NSW beaches looking good

This year’s annual beaches scorecard rated 84 per cent of NSW swimming sites as Good or Very Good, slightly higher than last year’s result of 83 per cent, Environment Minister Gabrielle Upton announced today.

Freshwater Beach on Sydney

The annual scorecard provides ratings for 250 swimming sites, (ocean beaches, ocean baths, estuarine, lake and lagoon sites across NSW), including 140 ocean beaches.

“Despite many of the state’s coastal areas recording their wettest March on record, 98 per cent of the state’s monitored ocean beaches rated as Good or Very Good, making NSW beaches some of the cleanest in world,” Ms Upton said.

“Beachwatch’s water quality monitoring shows that Sydney’s beach water quality has improved dramatically over the last two decades.”

There were strong results for the Newcastle, Illawarra and South Coast regions. Despite the wet conditions Central Coast’s beaches showed an overall improvement, with Chain Valley Bay being upgraded to Good from Poor in the previous year.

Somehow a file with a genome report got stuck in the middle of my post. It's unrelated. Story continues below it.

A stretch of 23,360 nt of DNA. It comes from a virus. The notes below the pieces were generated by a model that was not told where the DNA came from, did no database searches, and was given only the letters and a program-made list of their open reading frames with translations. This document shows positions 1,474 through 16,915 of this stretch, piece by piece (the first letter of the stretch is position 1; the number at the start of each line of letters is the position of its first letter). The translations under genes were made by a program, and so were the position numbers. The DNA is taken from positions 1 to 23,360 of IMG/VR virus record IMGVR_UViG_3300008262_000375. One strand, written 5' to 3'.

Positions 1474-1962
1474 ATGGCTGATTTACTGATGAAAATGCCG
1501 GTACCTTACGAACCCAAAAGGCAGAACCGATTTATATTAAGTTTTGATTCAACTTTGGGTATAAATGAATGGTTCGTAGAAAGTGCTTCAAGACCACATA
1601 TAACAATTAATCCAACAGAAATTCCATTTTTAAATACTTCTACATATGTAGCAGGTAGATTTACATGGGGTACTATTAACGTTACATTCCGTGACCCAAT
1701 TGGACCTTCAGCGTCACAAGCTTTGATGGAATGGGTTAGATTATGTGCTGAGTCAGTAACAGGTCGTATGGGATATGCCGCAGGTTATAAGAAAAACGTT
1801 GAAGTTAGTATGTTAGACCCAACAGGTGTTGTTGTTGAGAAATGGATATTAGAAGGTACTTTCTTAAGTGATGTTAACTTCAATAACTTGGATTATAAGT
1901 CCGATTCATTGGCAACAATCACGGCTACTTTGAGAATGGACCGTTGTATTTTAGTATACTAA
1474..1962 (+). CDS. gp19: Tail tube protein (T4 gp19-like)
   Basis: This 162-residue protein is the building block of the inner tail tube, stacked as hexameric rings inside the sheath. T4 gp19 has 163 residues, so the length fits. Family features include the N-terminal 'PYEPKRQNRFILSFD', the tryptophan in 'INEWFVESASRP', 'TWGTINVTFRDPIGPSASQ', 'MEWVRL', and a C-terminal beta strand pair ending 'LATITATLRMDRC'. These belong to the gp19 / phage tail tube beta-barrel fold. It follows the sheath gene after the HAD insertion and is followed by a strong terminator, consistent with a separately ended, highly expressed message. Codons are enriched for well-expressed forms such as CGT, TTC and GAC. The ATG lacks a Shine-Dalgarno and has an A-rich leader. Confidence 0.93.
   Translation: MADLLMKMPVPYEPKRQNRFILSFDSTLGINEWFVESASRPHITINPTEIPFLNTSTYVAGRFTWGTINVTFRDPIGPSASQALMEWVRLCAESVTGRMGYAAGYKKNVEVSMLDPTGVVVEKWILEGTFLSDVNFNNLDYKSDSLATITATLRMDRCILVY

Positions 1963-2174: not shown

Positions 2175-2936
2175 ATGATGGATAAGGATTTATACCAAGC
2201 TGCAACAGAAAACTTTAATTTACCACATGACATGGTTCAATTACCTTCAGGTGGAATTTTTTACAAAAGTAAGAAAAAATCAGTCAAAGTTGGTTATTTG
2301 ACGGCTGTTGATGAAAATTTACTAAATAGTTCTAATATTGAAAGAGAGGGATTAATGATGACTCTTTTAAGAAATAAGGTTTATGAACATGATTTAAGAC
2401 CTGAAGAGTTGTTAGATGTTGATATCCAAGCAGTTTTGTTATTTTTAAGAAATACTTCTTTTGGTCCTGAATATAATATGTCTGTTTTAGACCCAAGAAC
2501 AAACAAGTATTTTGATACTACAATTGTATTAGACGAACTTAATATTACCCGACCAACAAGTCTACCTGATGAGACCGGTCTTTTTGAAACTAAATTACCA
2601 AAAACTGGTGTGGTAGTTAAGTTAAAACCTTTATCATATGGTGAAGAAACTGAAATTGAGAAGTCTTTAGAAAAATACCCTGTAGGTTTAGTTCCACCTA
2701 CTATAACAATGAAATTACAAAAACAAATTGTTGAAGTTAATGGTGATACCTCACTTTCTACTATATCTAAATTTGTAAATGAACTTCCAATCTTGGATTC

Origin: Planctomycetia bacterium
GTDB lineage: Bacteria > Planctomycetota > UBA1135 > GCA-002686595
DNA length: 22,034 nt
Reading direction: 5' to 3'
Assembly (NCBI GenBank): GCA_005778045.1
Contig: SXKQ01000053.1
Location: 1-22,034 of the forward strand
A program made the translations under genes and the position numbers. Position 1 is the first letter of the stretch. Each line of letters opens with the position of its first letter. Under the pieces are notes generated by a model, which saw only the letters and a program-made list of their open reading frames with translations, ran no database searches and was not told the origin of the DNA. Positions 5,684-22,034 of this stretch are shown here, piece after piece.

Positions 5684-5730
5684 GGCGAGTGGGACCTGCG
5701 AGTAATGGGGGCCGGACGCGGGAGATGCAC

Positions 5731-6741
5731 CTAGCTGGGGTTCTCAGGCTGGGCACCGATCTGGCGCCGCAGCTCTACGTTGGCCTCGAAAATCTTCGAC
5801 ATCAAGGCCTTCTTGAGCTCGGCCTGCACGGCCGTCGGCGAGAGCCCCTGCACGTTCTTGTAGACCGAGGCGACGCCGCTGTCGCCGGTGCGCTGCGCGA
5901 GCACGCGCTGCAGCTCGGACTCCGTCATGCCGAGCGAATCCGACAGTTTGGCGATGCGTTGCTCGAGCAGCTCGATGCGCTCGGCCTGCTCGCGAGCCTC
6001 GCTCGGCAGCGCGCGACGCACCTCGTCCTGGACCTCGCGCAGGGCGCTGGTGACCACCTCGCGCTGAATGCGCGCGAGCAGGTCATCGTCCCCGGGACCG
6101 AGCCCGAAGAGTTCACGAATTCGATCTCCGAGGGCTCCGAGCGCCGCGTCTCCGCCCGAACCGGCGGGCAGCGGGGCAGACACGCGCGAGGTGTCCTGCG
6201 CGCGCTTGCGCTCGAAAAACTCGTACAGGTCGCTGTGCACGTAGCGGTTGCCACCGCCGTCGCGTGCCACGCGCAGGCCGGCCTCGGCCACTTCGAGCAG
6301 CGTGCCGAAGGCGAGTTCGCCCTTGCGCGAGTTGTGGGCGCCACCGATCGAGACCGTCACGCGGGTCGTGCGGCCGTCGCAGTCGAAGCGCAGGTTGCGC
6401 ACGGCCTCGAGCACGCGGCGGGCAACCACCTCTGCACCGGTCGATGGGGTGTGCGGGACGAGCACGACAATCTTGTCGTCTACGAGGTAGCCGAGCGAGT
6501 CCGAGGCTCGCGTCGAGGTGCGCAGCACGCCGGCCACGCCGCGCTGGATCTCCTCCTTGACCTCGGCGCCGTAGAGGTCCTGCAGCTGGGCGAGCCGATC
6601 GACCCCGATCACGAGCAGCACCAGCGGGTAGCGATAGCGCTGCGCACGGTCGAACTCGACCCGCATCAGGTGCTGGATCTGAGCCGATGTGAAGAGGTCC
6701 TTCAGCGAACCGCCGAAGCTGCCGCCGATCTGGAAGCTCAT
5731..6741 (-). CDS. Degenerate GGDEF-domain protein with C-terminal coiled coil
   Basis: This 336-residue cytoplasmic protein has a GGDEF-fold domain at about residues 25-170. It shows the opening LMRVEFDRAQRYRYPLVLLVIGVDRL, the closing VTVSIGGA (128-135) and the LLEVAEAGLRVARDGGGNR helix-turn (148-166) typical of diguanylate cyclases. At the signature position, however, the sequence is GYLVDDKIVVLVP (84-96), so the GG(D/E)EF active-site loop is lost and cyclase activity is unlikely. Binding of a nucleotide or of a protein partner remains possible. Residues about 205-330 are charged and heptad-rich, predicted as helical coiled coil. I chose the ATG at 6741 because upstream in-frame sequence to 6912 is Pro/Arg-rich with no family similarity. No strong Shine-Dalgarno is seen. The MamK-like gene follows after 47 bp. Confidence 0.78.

Last year’s heavy rainfall and certain major storms impacted water quality at a number of estuaries, lagoons and lake swimming sites during the year.

“Heavy rainfall generates stormwater, a major cause of pollution to recreational waters,” Ms Upton said.

“Councils and water authorities are constantly investing in improving water quality. It’s important to remember whatever is thrown on the ground may end up in stormwater and eventually lead into waterways.”

Heavy rain from Sydney’s East Coast Low event in June 2016 caused flooding across the city. Persistent rain fell in February and March, which was the wettest for Sydney since 1975.

The Beachwatch program is run by the NSW Office of Environment and Heritage, in partnership with 10 councils, Sydney Water Corporation and Hunter Water Corporation.

State of the Beaches 2016-2017 report